Sensory processing refers to the way individuals manage incoming sensory information, including its reception, modulation and integration with other brain areas and networks to produce an adaptive output to environmental demands . Since sensory systems provide the brain with ongoing information about the environment, adequate sensory processing is fundamental for proper cognitive and emotional function, for accurate movements, for learning, socializing and other activities that characterize our daily lives .
Altered sensory processing refers to difficulties to regulate and organize the intensity of response to sensory input in a graded and adaptive manner. Altered sensory modulation result in hypo or hypersensitivity to sensory input. Individuals with hypersensitivity respond to sensation faster, intensely and for a longer duration. They are overwhelmed with sensation and even experience “regular” stimuli as painful. This may lead to behavioral dysregulation expressed in stressful behavior, anxiety, irritability and avoidance from interactions with physical and social environments . On the contrary, individuals with hyposensitivity tend to miss sensory stimuli and thus fail to respond accurately to environmental demands .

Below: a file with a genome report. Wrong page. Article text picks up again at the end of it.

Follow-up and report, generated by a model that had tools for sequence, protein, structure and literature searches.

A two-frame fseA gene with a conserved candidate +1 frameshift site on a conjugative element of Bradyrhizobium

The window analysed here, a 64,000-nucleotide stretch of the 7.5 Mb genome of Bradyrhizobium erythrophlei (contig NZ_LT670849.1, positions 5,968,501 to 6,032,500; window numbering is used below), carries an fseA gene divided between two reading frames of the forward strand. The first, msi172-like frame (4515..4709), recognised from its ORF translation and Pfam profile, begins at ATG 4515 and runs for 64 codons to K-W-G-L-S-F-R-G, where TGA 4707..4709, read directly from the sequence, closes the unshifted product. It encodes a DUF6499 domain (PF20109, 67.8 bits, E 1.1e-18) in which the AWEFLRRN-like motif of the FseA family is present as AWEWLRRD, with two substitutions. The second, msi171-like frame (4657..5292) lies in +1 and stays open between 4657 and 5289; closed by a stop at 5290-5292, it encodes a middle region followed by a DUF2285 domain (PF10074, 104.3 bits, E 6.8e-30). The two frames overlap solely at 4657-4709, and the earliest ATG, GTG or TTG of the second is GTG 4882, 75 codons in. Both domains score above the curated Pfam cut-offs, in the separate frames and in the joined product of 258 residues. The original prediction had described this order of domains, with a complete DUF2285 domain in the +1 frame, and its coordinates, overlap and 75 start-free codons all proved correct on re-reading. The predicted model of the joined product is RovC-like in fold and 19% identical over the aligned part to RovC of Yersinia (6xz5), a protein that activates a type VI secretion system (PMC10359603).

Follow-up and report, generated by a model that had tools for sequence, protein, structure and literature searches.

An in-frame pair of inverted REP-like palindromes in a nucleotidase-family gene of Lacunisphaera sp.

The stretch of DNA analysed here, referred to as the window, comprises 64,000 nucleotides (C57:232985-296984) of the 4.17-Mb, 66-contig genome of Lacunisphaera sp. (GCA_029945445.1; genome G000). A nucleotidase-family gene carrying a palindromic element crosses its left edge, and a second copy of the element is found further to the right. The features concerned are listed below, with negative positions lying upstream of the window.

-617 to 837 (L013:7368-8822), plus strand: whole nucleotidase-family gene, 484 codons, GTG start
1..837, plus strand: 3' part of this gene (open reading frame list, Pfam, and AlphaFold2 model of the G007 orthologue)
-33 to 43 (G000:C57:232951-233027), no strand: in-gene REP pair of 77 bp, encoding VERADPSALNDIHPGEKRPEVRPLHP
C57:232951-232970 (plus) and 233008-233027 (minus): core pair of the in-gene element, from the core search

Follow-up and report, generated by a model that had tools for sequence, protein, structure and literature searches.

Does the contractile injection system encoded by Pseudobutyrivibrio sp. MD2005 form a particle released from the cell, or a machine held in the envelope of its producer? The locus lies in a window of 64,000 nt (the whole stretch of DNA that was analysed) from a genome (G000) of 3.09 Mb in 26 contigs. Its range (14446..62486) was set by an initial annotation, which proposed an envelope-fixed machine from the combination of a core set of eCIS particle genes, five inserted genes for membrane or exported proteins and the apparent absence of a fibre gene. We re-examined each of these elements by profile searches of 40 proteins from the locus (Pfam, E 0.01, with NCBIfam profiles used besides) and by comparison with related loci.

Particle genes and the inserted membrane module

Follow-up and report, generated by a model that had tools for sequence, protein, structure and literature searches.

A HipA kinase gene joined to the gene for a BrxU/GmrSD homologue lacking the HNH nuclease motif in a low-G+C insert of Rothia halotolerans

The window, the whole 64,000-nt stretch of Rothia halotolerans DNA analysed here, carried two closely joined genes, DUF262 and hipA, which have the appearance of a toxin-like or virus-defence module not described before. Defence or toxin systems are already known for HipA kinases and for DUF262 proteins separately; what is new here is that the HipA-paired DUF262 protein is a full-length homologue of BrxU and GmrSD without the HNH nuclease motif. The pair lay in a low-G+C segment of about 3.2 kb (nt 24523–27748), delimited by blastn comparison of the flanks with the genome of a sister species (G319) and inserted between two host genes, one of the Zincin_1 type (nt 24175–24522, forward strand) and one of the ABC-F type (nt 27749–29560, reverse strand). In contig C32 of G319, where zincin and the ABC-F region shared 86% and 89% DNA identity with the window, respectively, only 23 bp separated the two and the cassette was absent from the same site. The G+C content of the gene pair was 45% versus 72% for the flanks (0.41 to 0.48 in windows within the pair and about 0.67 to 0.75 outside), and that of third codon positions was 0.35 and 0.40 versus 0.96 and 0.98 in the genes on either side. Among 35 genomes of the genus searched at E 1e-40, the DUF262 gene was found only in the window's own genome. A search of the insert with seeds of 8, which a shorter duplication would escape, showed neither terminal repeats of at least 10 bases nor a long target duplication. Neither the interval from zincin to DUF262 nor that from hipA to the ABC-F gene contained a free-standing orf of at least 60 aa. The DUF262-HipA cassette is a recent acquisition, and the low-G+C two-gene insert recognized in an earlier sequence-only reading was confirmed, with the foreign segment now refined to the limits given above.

Both hyper or hypo sensitivity may restrict adaptive behavior  and interfere with daily activity performance .
One of the theoretical models that refers to the interaction between the neurological-threshold to sensory input and the related behavioral regulation is Dunn’s model . According to this model, the interaction between the neurological threshold and behavioral regulation results in four patterns: (1) Low registration - people with high neurological thresholds (hyposensitive) and passive behavioral strategies that fail to detect sensory information and do not seek for it; (2) Sensory seekers - people with high neurological threshold who actively seek for rich and intense sensory stimuli (3) Sensory sensitivity – people with low neurological thresholds (hypersensitive) and passive behavioral, meaning they do not actively eliminate uncomfortable sensations; thus, they frequently experience discomfort, distraction, and emotional burden (4) Sensory avoiding - people with low neurological thresholds who actively limit their exposure to unpleasant sensations.
The very few studies that used Dunn’s model in older people, found that older people tend to show lower registration of sensory input, lower tendency to seek for sensory input and in some cases have modulation difficulties that result in hyper sensitivity. These alterations were found to significantly interfere with daily activity performance, with participation in daily situations and reduce quality of life [5, 6].